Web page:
“Too often we give children answers to remember, rather than problems to solve.”– Roger Lewin
Sixth Grade Science Classes recently spent 2 weeks following their units on Plate Tectonics, Volcanoes and Earthquakes participating in the Engineering process to research, design, build, test and revise models of structures that are “earthquake proof”. Students worked in teams to compile information in a shared google doc regarding the methods used by engineers to construct buildings in such a way that they can better withstand movements of the Earth that are associated with earthquakes. As a class, we performed activities, watched videos, read an interactive survival adventure novel and had numerous discussions to build our knowledge. Students created a blueprint of their building and were tasked with using the most basic supplies to create their structure. While building, students “tested” their buildings, discussing aspects that were successful and unsuccessful and making revisions to their structures.
In the ever changing world we exist in as educators, working in a 1:1 environment where students have technology and information at their fingertips all day, we are challenged to meet the needs of our students in a different way than ever before. Utilizing the technology available in creative, yet appropriate ways has proven to be both exciting and challenging. Approximately ten years ago, the idea of incorporating STEM (science, technology, engineering and math) concepts into our classrooms was introduced and has become increasingly popular as time passes. Students at all grade levels are being immersed in STEM activities, which allows them to build a variety of skills across disciplines.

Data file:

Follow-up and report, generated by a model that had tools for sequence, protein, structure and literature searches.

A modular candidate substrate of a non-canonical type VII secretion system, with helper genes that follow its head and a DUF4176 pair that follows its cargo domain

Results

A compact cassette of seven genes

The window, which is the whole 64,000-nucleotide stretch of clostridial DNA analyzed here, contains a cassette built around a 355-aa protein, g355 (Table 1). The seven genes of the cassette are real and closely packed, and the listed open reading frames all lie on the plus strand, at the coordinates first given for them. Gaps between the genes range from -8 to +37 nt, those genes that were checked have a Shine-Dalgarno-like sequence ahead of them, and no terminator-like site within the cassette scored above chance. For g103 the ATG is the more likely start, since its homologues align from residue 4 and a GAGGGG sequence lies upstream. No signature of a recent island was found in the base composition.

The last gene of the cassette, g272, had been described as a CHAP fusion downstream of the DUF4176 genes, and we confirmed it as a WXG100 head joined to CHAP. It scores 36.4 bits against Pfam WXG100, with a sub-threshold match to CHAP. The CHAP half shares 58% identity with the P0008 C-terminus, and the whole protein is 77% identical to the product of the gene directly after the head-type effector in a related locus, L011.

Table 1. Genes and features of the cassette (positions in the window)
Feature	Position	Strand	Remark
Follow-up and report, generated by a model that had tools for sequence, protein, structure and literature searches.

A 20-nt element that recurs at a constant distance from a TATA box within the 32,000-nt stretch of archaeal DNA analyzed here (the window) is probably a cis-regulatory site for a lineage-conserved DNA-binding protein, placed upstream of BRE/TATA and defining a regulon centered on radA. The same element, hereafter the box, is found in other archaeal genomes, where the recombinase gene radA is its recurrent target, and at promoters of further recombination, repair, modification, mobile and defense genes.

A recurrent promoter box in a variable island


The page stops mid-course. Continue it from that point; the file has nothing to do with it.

As I facilitated various parts of this extensive project, I found myself in awe. Students were conversing with each other using academic vocabulary. They were working together to solve a problem where there was not one definitive answer or best solution. They were engaged in their conversations and work and were showing what they had learned by creating a model that displayed their learning. Using a shake table and tilt table built by Betsy Minton, students were able to evaluate the success of their structures by determining if their structures could survive shaking and measuring the angle that caused the building to topple over. Students were so effective at utilizing engineering design methods that they researched that the majority of the buildings were able to withstand the shaking of the shake table. In recent years, there has been a shift from delivering content, to allowing students to explore content, using it to solve real-world problems. Observing my 6th grade students research, collaborate, design, create, test and revise their prototypes made it evident that students are, indeed, benefiting from this shift.
Stacy Hill is currently in her 17th year in Science Education. Prior to teaching at Episcopal, she taught high school science, worked in East Baton Rouge Parish Public Schools in the Department of Curriculum and Instruction and taught Gifted Middle School Science. She earned her BS from Millsaps College in Jackson, Mississippi and her M. Ed from LSU.